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Five Leadership Lessons From Super Bowl 50

Television’s biggest sporting event, with 110 million viewers around the world, once again delivered more than expensive commercials, trophy ceremonies, and winning speeches. Sunday’s contest on the gridiron was another textbook case in leadership that business owners can put to good use as they go up against stiff competition on a daily basis.

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Being the older competitor can work to your advantage.

We live in a time when start-ups and young guns tend to think they rule the playing field (in sports and in business). But as one future Hall of Fame quarterback showed, that’s not always the case. In fact, the biggest lesson from quarterback Peyton Manning will be how to silence the critics, stay focused, do your best with what you have to offer and win with class. Let this be a lesson that newer and younger doesn’t always mean better. The same can be true in business. Don’t be so easily seduced by the new kids on the block. There can be real value to being the one who has already been around the block a few times. Let that wisdom shine, and you may be at the top of podium despite the naysayers.

Be ready to go the distance.

Just because you’re ahead in the game, doesn’t mean you can walk away and declare victory. Despite trailing the entire game, at one point in the fourth quarter the Carolina Panthers cut Denver’s lead to 10 to 16 and were just one touchdown away from taking the lead. But the Broncos didn’t give them that chance. They played until the clock ran out. And only then, did they kick back and celebrate. Leaders in business have to think the same way. If you are in a leadership position, you can be sure there is always a competitor who is hungry to take you down. Working to get ahead is just half the job; you often have to work even harder to keep the lead. As in football, businesses that relax once they get on top, very often find that the lead has disappeared before they can react.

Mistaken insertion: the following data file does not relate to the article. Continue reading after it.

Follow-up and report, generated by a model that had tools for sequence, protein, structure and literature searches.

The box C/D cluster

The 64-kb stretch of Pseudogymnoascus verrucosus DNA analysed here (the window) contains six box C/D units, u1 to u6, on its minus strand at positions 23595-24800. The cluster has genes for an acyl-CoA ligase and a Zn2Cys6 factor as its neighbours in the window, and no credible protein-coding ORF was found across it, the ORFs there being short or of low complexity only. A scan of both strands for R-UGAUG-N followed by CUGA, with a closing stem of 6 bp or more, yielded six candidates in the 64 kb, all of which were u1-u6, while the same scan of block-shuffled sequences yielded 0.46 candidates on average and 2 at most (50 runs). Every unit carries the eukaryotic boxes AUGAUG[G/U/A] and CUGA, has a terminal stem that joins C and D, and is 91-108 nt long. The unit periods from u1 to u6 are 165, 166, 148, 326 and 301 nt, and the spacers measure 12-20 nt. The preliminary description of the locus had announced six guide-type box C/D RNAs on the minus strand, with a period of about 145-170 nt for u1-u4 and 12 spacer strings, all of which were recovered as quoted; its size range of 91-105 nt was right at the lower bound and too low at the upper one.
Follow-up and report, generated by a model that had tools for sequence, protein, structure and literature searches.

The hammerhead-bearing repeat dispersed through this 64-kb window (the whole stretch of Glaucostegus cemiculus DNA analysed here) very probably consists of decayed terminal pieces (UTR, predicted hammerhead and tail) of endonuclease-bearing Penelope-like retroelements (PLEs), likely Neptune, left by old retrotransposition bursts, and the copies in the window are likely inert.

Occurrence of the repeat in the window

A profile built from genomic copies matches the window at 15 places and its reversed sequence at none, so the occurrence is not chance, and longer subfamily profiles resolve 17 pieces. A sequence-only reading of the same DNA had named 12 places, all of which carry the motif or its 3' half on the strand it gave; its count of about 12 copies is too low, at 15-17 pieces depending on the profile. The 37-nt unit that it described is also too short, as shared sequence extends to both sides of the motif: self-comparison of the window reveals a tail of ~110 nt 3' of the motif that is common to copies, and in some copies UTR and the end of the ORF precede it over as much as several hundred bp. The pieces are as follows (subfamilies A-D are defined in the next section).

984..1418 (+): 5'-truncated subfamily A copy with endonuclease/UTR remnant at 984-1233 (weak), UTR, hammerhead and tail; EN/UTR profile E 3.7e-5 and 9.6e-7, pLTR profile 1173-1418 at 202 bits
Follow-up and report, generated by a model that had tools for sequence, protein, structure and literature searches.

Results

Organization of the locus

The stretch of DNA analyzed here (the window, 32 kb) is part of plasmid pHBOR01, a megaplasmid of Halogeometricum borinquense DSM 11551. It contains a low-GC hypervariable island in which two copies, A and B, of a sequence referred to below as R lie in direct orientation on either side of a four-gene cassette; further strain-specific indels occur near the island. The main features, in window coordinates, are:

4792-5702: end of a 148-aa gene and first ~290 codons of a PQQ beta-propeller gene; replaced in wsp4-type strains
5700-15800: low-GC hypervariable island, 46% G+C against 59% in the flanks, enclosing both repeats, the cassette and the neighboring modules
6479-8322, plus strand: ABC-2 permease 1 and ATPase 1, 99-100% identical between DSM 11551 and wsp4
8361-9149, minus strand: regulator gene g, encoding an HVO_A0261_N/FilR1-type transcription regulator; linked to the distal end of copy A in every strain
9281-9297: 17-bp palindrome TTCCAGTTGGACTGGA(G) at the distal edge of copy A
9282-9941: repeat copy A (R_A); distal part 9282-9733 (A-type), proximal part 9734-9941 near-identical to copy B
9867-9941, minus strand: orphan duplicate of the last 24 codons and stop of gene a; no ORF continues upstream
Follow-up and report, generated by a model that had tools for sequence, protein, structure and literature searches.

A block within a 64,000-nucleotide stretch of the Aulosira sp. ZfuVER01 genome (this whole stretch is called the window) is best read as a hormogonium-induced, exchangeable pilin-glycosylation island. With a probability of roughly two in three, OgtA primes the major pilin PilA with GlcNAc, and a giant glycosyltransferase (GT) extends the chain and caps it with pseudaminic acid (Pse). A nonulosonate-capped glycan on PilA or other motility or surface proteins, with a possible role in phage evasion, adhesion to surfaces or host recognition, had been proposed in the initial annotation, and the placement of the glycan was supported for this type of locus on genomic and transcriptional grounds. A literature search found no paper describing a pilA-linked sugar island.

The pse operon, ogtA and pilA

Behind every great team, you find a great leader.

Gary Kubiak made NFL history when he became the first person to ever win the Super Bowl as a head coach for the same team he used to play for. And it was Kubiak’s decision to return C. J. Anderson to the starting backfield, a spot he hadn’t been in since the sixth week of the season. The move led them to victory as Anderson carried the ball 23 times for 90 yards and a touchdown, the last one with just minutes left in the game that extended the Broncos lead to 22-10. At halftime of a game late in the season, he also made the decision to move Peyton Manning back into the starting quarterback position despite his declining physical skills in order to take advantage of his experience for the critical playoff run. As the leader of a business, it’s key to know the strengths of your team and position them for success.

Leaders know there will be setbacks and are prepared to handle them.

Social media blew up after quarterback Cam Newton stormed out of the post-game press conference. His one-word answers to reporters after losing the big game laid the groundwork for people to label him young and immature. But how about the interview with Panthers Coach Ron Rivera outside the locker room? It’s a monumental undertaking to publicly pat the back of a competitor, recognize someone else’s strengths and your weaknesses, and congratulate the winning team. In the privacy of the locker room, however, he reminded his team that only two years earlier the Broncos had lost to the Seahawks in the Super Bowl but they had responded to that defeat by returning to the Super Bowl and winning it. Providing inspiration to a team that has suffered a setback is the sign of a true leader.

Know what you accomplished and be proud of it.

Just like the celebratory parade for the Denver Broncos in The Mile-High City, Bronco fans can applaud the WHOLE TEAM for this achievement. A victory for the Denver Broncos means a victory for players, cheerleaders, mascots, drumline, the entire coaching staff, families and more. Collectively, these people all came together to get the big win. People may not acknowledge the effort until you cross the finish line, but it’s a group effort to get there. And it’s important to celebrate everyone’s contributions. Business leaders can do well to emulate that example. Parades should not just be for the boss. Real leaders share the spotlight with everyone who makes it happen.

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